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Silicon Valley entrepreneur training course to expand to Sydney

Tuesday, 18 October 2011 | By Oliver Milman

A Silicon Valley training and networking program for entrepreneurs is to extend to Australia, promising to help nurture start-ups with the aid of mentors from around the world.

 

The Founder Institute is to open a chapter in Sydney, with a 14-week “semester” of entrepreneurial training set to kick off in February next year.

 

The concept was originally launched by serial entrepreneur Adeo Ressi in Silicon Valley in 2009, with the program subsequently spreading to more than 30 cities around the world.

 

More than 400 entrepreneurs have “graduated” from the course, with a network of 600 mentors offering their time to the program.

The Sydney version of the scheme is being headed by Benjamin Chong and Benjamin Ranck, who will pay a percentage of revenues to the US headquarters.

 

Chong tells StartupSmart that Michael Fox, co-founder of online retailer Shoes of Prey, and Darin Walters, managing director of travel agency Jetabroad, have already been signed up as mentors, with others sought from Australia and overseas.

 

“We thought this would be a great thing for the Australian start-up space,” he says. “The Founder Institute is about bringing Silicon Valley thinking to the rest of the world.”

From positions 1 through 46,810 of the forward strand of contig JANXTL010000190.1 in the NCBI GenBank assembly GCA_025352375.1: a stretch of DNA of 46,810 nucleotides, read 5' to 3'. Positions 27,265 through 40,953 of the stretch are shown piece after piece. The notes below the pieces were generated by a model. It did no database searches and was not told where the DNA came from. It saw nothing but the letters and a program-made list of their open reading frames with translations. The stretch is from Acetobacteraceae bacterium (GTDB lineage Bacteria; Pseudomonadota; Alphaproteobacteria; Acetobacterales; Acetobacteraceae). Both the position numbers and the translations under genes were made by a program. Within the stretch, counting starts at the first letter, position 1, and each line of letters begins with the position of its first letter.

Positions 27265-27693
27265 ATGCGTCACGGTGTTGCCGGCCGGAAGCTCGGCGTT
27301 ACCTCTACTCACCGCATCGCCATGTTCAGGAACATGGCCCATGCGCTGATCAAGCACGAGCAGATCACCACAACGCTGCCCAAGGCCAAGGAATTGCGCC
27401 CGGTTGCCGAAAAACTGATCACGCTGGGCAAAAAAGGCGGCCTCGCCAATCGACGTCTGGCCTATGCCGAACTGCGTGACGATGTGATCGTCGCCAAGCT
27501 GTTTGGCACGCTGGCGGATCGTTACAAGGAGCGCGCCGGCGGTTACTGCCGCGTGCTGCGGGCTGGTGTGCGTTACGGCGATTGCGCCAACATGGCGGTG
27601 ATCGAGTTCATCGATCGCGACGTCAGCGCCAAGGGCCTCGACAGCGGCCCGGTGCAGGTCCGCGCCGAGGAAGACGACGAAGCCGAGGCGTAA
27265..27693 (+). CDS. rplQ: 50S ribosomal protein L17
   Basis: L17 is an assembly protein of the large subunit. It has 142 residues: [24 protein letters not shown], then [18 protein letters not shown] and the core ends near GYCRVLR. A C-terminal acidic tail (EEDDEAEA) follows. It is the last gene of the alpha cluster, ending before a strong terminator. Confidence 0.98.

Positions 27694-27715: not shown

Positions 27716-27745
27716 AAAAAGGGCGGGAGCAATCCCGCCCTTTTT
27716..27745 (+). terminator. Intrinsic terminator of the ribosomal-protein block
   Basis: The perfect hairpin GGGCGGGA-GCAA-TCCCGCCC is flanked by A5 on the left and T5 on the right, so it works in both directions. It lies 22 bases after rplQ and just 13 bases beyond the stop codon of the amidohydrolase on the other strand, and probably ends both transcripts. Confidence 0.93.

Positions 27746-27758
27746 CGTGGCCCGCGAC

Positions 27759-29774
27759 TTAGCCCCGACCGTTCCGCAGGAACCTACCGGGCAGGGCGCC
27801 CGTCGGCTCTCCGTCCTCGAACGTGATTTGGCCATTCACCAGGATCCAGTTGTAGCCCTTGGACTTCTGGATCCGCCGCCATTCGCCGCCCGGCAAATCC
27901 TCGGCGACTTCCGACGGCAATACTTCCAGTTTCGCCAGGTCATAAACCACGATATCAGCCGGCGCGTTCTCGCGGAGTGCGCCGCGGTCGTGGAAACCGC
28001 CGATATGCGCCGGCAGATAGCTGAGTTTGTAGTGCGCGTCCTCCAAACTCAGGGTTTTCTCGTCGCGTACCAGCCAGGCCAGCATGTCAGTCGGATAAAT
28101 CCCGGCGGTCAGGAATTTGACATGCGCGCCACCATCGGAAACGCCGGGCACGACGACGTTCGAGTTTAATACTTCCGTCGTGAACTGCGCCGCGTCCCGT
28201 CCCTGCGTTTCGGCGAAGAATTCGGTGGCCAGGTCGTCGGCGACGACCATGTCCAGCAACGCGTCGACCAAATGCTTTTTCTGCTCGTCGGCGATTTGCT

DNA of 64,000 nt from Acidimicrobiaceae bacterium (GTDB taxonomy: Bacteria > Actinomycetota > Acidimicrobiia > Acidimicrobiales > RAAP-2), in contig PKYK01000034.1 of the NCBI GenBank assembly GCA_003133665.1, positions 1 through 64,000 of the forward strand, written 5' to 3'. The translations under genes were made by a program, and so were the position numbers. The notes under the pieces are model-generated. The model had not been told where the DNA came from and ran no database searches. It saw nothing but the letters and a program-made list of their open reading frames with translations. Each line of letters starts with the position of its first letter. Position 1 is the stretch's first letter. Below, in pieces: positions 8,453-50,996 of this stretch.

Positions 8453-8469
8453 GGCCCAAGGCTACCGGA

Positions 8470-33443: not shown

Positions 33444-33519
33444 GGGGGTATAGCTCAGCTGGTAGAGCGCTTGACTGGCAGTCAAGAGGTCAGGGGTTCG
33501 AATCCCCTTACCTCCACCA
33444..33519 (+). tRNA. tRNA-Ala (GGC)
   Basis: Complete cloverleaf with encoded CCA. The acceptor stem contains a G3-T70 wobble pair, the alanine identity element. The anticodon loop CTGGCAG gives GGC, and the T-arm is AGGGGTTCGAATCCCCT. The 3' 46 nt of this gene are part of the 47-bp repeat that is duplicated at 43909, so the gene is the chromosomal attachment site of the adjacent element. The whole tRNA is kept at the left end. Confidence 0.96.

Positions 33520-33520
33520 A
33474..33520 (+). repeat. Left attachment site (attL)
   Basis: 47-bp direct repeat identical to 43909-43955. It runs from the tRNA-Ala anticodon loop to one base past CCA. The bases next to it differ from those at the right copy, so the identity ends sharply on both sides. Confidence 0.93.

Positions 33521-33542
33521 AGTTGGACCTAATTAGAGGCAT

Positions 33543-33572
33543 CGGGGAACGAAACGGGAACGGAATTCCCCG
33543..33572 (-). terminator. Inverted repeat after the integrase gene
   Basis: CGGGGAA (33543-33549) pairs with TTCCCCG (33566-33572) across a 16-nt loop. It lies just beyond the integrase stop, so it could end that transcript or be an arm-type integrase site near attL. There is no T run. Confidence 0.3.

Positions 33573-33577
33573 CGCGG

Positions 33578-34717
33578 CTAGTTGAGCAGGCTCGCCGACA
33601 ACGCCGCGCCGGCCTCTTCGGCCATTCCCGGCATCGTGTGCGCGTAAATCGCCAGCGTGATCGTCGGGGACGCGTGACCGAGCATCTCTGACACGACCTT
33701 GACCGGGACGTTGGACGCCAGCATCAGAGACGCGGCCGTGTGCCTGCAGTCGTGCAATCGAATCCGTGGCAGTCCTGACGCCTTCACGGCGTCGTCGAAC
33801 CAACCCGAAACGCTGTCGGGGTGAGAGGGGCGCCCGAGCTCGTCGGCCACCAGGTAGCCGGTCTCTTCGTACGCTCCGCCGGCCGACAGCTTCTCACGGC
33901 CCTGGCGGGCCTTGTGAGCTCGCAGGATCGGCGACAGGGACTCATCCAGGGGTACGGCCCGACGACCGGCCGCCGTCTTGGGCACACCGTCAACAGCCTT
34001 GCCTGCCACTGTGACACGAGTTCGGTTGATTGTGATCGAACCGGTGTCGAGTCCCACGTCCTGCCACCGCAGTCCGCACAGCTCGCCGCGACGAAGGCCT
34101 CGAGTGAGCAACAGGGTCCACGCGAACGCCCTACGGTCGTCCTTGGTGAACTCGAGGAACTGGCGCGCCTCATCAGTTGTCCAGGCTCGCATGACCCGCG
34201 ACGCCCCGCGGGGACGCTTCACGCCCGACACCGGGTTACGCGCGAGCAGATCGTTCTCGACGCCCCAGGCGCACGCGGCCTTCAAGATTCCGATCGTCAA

“It’s useful for current and potential entrepreneurs who maybe don’t want to spend years doing an MBA. It’s a good opportunity for learning and building peer networks.”

 

“I’ve spoken to some of the incubators here, like Startmate, and while they are great programs, what we provide is complementary. This is a structured course for people who have maybe not had any business experience before.”

 

Applicants will be selected following a two-hour “admissions test”, with the 30-strong class required to pay a $1,000 fee.

 

On top of this, the participants are obliged to pay $4,500 once they graduate and start-up, as well as give up 3.5% of their business to the program directors and fellow alumni.

 

Chong denies that this fee structure will put off cash-strapped start-ups.

 

“Giving a share of the business to other entrepreneurs helps build a sense of community and builds world-class connections,” he says.

 

“We will be flying mentors out from the US, so that cost obviously needs to be met. The benefits definitely outweigh the costs.”

 

The Founder Institute will be holding two events prior to opening up applications in January.

 

The first will be taking place tomorrow, October 19, in Sydney. For more information, click here.